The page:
In case you haven’t heard the news, Michael Shepherd, owner of Michael Angelo’s Pizza in Kenton, Ohio, won the gold medal for the largest dough stretch this year in Italy. This was Michael’s third time on the team. He and I talked recently about his trip to the top.

Getting Involved with the Team and Winning

Michael first got involved with the team back in 2002, the first year that PMQ took a full team to the World Pizza Championship. PMQ hosted the first largest stretch competition at the Mid America Pizza and Ice Cream Show. “I got a flyer in the mail telling about the competition and thought ‘hey I can do this’ since we had always hand-tossed our pizzas anyway,” Michael says. “Luckily, I ended up winning first place at the competition.” He won this competition without ever seeing it happen.

He prepared for the competition by reading over the rules provided by PMQ and practiced when the store was slow. “I really had no clue what to expect being the first time,” he says. “At the first competition in Columbus, we used the wrong rules. This really threw me off when we got over to Italy,” Michael says. “I think I was naïve about my skills. I was telling myself ‘Hey, I’m pretty darned good,’ but once I got my rear kicked and saw just how much better the Italians were—I was telling myself ‘Wow, I really stink—I have a lot to learn.’”

And, learn he did. Last year, he placed sixth in the world in the stretch and fifth place in the fastest. This year he says there were no surprises. “I knew exactly what to expect and was not nervous at all,” he says. “I wanted the gold medal bad and went into the whole thing thinking, ‘I am going to place.’”

This year Michael again placed fifth in the fastest. His fast pizza making skills probably come from a hard learned lesson—the worst marketing idea he ever had. “It was our six-year anniversary special,” he says. “You could get a 14” pizza with up to six toppings for only six dollars, no limit. We did this three days in a row. It was a nightmare! I slapped out so many pizzas that I was sore for weeks afterwards.”

Using the Team in His Business

Michael says the team helped to “bolster” and “reinforce” his business. He says that in the midst of the down-turned economy his business has grown each year. “In 2002, we saw our sales increase 19 percent. In 2003, sales increased 16 percent.” This year they are looking at a 14 percent increase over 2003, not including sales from his recently opened second location.

Michael said no one was really crazy over the team at first because he didn’t do a whole lot with it. In the past three years, he’s incorporated it into his marketing plan and now, customers ask him about it and follow it. “We do a lot of email marketing and keep our customers up to date with what has been going on, especially this year via emails with photos,” he says. “Plus, we’ve nabbed the front page of the paper five times, had at least 5-10 other mentions and photos in other papers, been on the local NBC news twice, had a mention in USA Today and some footage on CNN. The chamber of commerce has also been keeping the town up-to-date by including info in their newsletters and emails.”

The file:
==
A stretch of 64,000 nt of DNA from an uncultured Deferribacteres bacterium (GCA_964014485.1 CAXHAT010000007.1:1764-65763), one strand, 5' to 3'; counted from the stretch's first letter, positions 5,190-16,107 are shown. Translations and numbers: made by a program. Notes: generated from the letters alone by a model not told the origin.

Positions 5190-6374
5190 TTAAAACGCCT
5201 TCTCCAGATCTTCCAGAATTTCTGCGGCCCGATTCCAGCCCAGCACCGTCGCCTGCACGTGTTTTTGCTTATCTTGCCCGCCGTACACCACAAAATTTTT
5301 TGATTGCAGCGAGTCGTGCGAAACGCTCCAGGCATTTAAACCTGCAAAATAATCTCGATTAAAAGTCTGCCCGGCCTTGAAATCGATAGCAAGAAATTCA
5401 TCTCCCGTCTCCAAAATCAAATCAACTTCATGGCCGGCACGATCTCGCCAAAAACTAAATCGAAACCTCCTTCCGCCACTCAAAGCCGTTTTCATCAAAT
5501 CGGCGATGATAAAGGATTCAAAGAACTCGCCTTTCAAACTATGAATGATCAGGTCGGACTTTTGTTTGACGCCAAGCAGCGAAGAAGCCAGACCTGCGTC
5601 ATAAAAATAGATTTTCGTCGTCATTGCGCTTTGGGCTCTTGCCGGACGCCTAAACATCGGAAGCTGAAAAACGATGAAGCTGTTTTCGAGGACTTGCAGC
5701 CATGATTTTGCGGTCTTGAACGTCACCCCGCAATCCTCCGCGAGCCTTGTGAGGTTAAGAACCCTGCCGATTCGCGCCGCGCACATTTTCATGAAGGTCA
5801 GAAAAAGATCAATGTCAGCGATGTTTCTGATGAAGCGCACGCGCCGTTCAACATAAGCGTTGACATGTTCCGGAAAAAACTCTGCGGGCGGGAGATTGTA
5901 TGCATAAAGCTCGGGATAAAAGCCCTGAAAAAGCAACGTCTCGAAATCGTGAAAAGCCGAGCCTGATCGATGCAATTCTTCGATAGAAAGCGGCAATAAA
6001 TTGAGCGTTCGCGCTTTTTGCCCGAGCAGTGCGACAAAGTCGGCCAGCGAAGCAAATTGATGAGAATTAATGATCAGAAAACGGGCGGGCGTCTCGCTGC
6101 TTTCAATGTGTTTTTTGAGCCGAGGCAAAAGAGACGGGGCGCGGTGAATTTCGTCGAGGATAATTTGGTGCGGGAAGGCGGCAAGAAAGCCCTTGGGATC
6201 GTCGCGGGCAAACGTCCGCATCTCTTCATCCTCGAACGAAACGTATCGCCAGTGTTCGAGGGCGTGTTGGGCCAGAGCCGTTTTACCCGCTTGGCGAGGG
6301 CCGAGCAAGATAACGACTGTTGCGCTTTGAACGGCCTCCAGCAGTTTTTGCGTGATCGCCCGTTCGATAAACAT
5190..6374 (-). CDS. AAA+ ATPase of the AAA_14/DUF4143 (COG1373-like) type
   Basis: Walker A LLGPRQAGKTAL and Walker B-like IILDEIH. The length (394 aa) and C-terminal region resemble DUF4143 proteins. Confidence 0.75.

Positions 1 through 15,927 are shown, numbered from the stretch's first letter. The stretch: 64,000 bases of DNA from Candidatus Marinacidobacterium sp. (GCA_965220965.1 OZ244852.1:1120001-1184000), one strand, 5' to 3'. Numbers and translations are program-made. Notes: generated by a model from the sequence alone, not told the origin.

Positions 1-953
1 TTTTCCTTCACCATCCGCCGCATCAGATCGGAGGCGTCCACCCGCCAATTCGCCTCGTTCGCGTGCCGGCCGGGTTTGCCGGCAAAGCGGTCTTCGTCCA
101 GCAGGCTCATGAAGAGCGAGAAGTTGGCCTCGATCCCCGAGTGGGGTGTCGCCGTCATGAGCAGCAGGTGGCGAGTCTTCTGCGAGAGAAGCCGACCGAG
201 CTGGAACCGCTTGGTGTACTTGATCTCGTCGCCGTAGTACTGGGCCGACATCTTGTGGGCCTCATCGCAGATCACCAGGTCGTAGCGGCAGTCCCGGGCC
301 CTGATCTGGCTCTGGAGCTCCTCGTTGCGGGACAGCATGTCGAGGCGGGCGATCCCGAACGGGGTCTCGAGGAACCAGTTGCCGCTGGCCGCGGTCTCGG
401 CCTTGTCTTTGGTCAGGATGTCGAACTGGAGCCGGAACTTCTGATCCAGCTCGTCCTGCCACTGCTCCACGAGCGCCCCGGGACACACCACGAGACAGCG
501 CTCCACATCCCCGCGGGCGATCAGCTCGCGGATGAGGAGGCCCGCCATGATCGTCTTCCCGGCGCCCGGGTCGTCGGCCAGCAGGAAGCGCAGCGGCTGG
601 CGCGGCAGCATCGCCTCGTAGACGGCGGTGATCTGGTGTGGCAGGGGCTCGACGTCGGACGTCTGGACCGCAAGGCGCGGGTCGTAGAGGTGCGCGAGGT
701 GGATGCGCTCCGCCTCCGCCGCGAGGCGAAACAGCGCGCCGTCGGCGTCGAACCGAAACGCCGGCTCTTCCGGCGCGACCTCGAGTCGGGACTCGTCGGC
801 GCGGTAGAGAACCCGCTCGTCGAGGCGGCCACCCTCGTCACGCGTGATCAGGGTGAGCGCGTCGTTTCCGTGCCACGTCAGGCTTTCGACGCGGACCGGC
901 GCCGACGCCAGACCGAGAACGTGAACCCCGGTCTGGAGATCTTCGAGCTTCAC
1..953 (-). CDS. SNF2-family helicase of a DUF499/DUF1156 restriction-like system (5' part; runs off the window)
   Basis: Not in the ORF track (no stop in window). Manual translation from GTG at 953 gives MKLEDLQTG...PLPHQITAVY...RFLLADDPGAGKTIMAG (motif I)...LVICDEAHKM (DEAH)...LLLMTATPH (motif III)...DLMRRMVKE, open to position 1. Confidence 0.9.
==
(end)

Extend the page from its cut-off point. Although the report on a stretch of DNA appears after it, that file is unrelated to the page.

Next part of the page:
Michael also had a secret weapon hiding in his store—his younger sister, LeeAnna. He had her come to the U.S. tryouts and she secured a place on the team in Milwaukee. This brought even more press, and with her being the first female to compete in the American trials, she was featured on national and local television. CBS’s The Early Show did a feature on the Columbus trials and focused on her and Brian Edler.

Michael says he got LeeAnna and some of his other staff involved with the team “as a marketing ploy.” “I knew that LeeAnna was really good with dough, and a few of my other staff were pretty good as well. I had the experience of what to expect at the competitions and was able to give them the heads up. I felt we had a pretty good shot at getting someone else from our store on the team, and if we did, we would be able to milk even more press out of it. What are the odds that two people from the same shop would make the team, let alone be brother and sister? And, it worked, our customers wanted to know more and more. We’ve been having people from one to two hours away coming to see us and try our pizza. The Food Network special really helped. The most important thing that I think the team has done for us is it has earned us a ton of respect from our customers.”

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